Chemistry of surface states on hematite photoanodes

For enhanced mechanistic understanding, we identified a dynamic interaction between two surface states on hematite photoanodes and newly proposed the chemical nature of one surface state as an iron-peroxo species, in addition to another iron-oxo species.

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The term “surface state” is widely adopted in the photoanode community. However, the specific role of surface states in catalysis remains largely elusive. To address this key issue, we asked a fundamental question: “What is the role of surface states in the catalytic mechanisms?” While addressing this question for water oxidation with hematite photoanodes as an attractive model system, we found that surface states can mediate both the charge transfer and the recombination processes at the semiconductor-electrolyte interface. This new perception of surface states is in sharp contrast to previous results, where reaction intermediates were assigned to charge transfer processes, and trap states were believed to act as recombination sites. Further, this dual functionality of surface states directed us to another crucial question, namely: “What is the chemical nature of these surface states?” For hematite photoanodes, two different types of surface states were widely probed. The first, with higher oxidative energy (S1), was assigned to reaction intermediates, and the second one with lower oxidative energy (S2) was associated with recombination centres. However, we found that this assignment of recombination centres was mainly based on the presence of limited photocurrents when the S2 state appeared. Therefore, we were interested in finding out whether this criterion was really sufficient to exclude the possible contribution of the S2 surface state to water oxidation. Motivated to explore S2 further, we decided to first reproduce both surface states on a model hematite photoanode and then to explore the real chemical nature of S2.

To this end, both S1 and S2 were resolved using photoelectrochemical impedance techniques in a near-neutral unbuffered electrolyte. Since the density of both surface states responds positively to the excitation intensity, we applied rate law analyses to derive the reaction orders for surface holes at potentials of 0.9 and 1.3 V vs. RHE, where S1 and S2 reach their maximum values. As expected, accumulation induced an evolution of reaction kinetics that was observed for both S1 and S2. In the weak excitation range, the obtained photocurrent was found to be independent or linear dependent on surface holes, respectively, at 0.9 and 1.3 V vs. RHE. However, shared 3rd order kinetics were observed at high illumination intensity.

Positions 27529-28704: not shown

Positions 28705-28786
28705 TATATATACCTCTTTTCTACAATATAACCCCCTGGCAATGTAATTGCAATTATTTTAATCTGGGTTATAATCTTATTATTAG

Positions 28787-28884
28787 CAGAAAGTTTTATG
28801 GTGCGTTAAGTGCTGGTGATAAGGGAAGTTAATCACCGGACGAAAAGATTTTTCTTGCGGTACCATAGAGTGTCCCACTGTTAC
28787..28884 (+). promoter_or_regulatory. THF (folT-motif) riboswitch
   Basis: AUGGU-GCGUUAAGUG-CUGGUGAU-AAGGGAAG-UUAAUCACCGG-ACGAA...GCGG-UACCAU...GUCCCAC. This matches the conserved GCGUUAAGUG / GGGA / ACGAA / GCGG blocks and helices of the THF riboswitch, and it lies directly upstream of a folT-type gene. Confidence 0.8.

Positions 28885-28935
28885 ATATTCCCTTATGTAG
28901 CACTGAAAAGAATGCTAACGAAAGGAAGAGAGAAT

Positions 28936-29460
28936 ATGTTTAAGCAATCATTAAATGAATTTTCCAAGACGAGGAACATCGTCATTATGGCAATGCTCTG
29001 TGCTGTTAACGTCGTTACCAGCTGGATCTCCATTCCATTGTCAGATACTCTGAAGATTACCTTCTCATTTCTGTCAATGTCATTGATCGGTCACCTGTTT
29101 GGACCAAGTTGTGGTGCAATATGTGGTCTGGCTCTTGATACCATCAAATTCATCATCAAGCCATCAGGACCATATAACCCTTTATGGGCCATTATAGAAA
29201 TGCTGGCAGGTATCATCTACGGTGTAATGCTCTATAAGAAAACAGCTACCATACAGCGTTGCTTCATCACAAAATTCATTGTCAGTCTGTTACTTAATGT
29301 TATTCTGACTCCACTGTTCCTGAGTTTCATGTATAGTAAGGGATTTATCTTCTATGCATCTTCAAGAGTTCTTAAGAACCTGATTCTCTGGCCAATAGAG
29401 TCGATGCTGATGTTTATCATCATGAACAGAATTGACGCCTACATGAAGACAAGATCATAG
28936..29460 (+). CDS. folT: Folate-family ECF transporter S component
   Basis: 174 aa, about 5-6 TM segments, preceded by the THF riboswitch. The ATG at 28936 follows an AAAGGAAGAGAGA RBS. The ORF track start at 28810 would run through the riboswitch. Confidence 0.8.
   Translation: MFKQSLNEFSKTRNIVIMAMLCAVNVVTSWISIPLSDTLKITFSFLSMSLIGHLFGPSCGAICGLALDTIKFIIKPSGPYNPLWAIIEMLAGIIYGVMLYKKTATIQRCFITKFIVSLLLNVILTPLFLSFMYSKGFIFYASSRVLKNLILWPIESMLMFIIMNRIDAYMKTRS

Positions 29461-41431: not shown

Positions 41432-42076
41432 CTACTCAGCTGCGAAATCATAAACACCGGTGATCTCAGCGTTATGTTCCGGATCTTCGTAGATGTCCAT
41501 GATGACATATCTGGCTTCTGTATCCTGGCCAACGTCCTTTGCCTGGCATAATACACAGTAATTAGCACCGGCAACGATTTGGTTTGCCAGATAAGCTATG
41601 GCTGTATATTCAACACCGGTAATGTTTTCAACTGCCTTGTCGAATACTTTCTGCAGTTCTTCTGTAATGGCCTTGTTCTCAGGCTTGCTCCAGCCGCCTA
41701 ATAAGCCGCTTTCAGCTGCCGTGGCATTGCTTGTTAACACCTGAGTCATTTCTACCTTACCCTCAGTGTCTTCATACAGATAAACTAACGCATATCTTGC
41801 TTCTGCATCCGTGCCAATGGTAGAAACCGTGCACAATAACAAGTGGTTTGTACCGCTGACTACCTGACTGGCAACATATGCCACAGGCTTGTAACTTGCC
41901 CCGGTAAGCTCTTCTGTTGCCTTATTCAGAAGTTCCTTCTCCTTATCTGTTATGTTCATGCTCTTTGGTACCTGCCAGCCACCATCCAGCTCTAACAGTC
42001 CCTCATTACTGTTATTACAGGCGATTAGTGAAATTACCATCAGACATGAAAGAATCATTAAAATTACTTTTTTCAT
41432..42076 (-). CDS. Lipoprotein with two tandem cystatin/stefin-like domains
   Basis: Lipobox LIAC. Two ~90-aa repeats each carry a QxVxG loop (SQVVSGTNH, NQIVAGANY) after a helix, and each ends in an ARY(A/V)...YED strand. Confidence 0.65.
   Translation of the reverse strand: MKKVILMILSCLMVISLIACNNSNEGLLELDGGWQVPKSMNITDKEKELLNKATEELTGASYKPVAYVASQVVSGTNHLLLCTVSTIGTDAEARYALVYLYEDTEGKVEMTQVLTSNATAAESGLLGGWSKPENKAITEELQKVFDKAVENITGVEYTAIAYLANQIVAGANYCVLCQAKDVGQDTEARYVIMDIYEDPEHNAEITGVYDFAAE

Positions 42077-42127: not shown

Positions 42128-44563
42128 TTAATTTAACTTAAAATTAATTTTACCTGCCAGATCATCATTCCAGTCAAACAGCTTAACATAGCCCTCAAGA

Figure 1. Transformation of S1 to S2 upon modulation of illumination, voltage and pH.

To understand the different kinetics, fast-cathodic cyclic voltammetry (CV) scans were applied to estimate the lifetime and interplay of both surface states. We found that S2 had surprisingly long lifetimes and that its density depends on the scan rate, the initial steady-state voltage and the excitation intensity. Additionally, we explained those fast-cathodic CV scan data with an interconversion model of S1 to S2 and - more importantly – this also explained the different rate kinetics. To confirm this interplay of S1 and S2, we further conducted rate law, fast-cathodic CV scans and transient photocurrent analyses at different pH values and in buffered electrolytes. Altogether, these experiments strongly support the evolution of S1 to S2. We thus assigned S2 to iron-peroxo species, which are generated as a result of S1 (iron-oxo) accumulation (Figure 1). In the next step, a vibrational signature is important to further verify the chemical nature of S2 and we are still working on it. We believe that understanding the dynamic interactions of the surface states and the effects of charge accumulation is indispensable to decode the reaction mechanisms of multi-electron transfer processes in key catalytic transformations, such as water oxidation.

Jingguo Li

PhD student, University of Zurich

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